Larry McMurtry Biography


(Masterpieces of American Literature)

Larry Jeff McMurtry was born on June 3, 1936, at Wichita Falls, Texas, twenty miles from his parents’ home in Archer City, Texas (the Thalia of his books). McMurtry’s grandparents had moved into Archer County in the 1880’s and established their ranch along a cattle trail in north central Texas. The nine McMurtry boys (Larry’s uncles and father, William Jefferson McMurtry) moved westward to work on the huge ranches in the Texas panhandle.

At family reunions, McMurtry heard his elders talk about the golden age of their youth and about such great ranchers and cowboys as Charles Goodnight, Teddy Blue, and Larry’s own Uncle Johnny. His hard old uncles, withered and crippled by their long years of cowboying, had been present at the birth of the Western myth, and they lived long enough to see it die. The elder McMurtrys knew, as did Larry, that the new generation could not replace the old. He wrote:All of them lived to see the ideals of the faith degenerate, the rituals fall from use; the principal myth become corrupt. In my youth, when they were old men, I often heard them yearn aloud for the days when the rituals had all their power, when they themselves had enacted the pure, the original myth, and I know that they found it bitter to leave the land to which they were always faithful to the strange and godless heirs that they had bred.

McMurtry’s books can be read as a parting wave to Old Man Goodnight, Teddy Blue, and Uncle Johnny.

Larry McMurtry and his family moved from the home ranch into the small town of Archer City. He was an honors student in high school and was active in many school activities, but the bitter love affair with the ranching country of his uncles found its companion in his own disillusionment with the small town. Small Texas towns, too, were dying, he later wrote, losing their bold and energetic people to the cities. McMurtry soon joined the migration to urban America. He graduated from North Texas State University in 1958 and received a master’s degree from...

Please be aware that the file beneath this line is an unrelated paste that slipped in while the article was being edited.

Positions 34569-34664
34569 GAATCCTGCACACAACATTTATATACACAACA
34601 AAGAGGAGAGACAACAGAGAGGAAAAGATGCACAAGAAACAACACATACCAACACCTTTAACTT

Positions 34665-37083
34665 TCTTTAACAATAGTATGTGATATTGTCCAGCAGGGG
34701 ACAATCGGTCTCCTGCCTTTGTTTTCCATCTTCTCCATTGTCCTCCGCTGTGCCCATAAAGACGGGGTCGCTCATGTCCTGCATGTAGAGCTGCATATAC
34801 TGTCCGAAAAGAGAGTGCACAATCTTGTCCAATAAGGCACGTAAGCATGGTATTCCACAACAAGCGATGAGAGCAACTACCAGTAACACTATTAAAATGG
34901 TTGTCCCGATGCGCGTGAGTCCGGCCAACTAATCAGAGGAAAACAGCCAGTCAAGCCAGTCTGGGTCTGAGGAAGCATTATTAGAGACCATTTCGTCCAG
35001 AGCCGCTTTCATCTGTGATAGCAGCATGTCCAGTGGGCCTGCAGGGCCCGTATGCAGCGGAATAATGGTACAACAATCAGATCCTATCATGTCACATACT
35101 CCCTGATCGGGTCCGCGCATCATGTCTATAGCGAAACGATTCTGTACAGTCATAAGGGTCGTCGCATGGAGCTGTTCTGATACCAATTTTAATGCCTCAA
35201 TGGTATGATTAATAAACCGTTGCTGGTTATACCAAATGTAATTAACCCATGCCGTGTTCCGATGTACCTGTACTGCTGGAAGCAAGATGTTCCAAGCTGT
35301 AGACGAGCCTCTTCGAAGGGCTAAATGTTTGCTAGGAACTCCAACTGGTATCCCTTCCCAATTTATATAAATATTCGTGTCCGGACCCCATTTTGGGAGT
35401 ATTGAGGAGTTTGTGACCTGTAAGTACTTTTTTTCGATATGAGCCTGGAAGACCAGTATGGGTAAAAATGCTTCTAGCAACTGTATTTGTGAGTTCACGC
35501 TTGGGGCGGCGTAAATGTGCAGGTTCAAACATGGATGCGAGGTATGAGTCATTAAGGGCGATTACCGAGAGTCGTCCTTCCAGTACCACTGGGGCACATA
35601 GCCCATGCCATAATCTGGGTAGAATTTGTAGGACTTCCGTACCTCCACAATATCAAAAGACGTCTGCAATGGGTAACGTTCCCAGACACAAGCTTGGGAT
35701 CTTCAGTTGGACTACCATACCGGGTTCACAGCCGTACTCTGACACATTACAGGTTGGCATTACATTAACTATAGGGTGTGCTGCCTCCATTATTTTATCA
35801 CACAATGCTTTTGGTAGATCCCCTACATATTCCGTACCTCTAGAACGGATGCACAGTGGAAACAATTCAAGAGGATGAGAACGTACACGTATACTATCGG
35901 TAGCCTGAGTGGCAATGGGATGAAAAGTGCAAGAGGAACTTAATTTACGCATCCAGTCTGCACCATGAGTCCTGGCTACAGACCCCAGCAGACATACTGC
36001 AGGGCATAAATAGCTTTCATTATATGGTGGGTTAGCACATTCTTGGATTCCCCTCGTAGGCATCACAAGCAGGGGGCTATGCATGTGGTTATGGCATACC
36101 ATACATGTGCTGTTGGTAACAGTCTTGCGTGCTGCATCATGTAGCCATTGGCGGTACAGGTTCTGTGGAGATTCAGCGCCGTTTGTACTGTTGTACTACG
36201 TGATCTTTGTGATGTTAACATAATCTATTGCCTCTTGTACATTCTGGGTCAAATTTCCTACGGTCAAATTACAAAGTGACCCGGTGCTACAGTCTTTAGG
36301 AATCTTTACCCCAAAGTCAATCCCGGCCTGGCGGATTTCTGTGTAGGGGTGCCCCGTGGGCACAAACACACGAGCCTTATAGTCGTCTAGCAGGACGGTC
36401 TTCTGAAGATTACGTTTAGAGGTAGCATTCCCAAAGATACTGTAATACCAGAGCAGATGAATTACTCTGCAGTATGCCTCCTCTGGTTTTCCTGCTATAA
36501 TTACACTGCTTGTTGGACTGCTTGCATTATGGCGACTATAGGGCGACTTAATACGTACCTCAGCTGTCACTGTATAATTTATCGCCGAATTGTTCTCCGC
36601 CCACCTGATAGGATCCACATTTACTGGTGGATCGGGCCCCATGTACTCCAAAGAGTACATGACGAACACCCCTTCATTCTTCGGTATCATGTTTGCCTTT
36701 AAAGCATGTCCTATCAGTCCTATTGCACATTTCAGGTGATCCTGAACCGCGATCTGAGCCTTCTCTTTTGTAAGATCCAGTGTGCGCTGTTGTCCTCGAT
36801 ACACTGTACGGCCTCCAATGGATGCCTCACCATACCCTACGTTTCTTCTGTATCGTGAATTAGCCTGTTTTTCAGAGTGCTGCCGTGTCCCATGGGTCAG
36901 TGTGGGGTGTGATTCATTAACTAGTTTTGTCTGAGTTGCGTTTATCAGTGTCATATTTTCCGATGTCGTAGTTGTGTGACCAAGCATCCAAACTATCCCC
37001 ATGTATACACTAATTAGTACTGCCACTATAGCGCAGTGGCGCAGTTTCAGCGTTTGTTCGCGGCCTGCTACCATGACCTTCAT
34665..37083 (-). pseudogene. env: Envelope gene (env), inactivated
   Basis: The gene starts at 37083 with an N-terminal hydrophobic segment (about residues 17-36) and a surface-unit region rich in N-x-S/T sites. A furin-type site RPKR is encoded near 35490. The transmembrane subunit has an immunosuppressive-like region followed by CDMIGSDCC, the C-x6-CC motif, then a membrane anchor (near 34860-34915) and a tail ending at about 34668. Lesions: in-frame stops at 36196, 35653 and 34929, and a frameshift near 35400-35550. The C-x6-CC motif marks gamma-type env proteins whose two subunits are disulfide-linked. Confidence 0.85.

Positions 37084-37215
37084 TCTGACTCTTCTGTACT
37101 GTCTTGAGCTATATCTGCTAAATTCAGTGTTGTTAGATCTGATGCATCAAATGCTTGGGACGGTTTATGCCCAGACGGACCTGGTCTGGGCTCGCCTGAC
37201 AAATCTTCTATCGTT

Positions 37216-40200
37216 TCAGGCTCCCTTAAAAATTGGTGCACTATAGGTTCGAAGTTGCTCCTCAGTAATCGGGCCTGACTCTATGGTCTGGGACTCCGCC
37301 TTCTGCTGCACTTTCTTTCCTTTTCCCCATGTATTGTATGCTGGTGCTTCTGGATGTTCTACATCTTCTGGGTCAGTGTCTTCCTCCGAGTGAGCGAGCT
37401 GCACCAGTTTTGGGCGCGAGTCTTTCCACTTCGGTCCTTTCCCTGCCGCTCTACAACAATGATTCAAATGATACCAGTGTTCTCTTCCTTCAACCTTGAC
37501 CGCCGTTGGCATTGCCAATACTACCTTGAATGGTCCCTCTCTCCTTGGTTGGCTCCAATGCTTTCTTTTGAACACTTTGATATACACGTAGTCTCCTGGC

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(Masterpieces of American Literature)

McMurtry examines a central myth shaping American consciousness, that of the Old West, of the cowboys and ranchers, the cattle drives and open range. The myth took form from values that Americans brought with them to the West and then took on its own potent life to shape values in new ways. McMurtry also describes what happens to people who live on beyond the age and the social order that spawned the myth.

Ultimately, McMurtry is probing the American Dream. As one looks over his roster of purposeless lives and wrecked marriages, one might ask why American culture and society are not rich enough to provide the ingredients for meaningful lives when the heroic days pass.


(Survey of Novels and Novellas)

Larry Jeff McMurtry was born in Wichita Falls, Texas, on June 3, 1936, one of four children of ranchers Hazel Ruth McIver McMurtry and William Jefferson McMurtry, and the grandson of a pioneer cattleman in North Texas. McMurtry grew up on the ranch outside Archer City, Texas, and graduated in 1954 from high school in Archer City; the locale and surrounding setting served as the model for much of his early fiction. After one semester at Rice University, he attended North Texas State University, from which he earned a B.A. in 1958.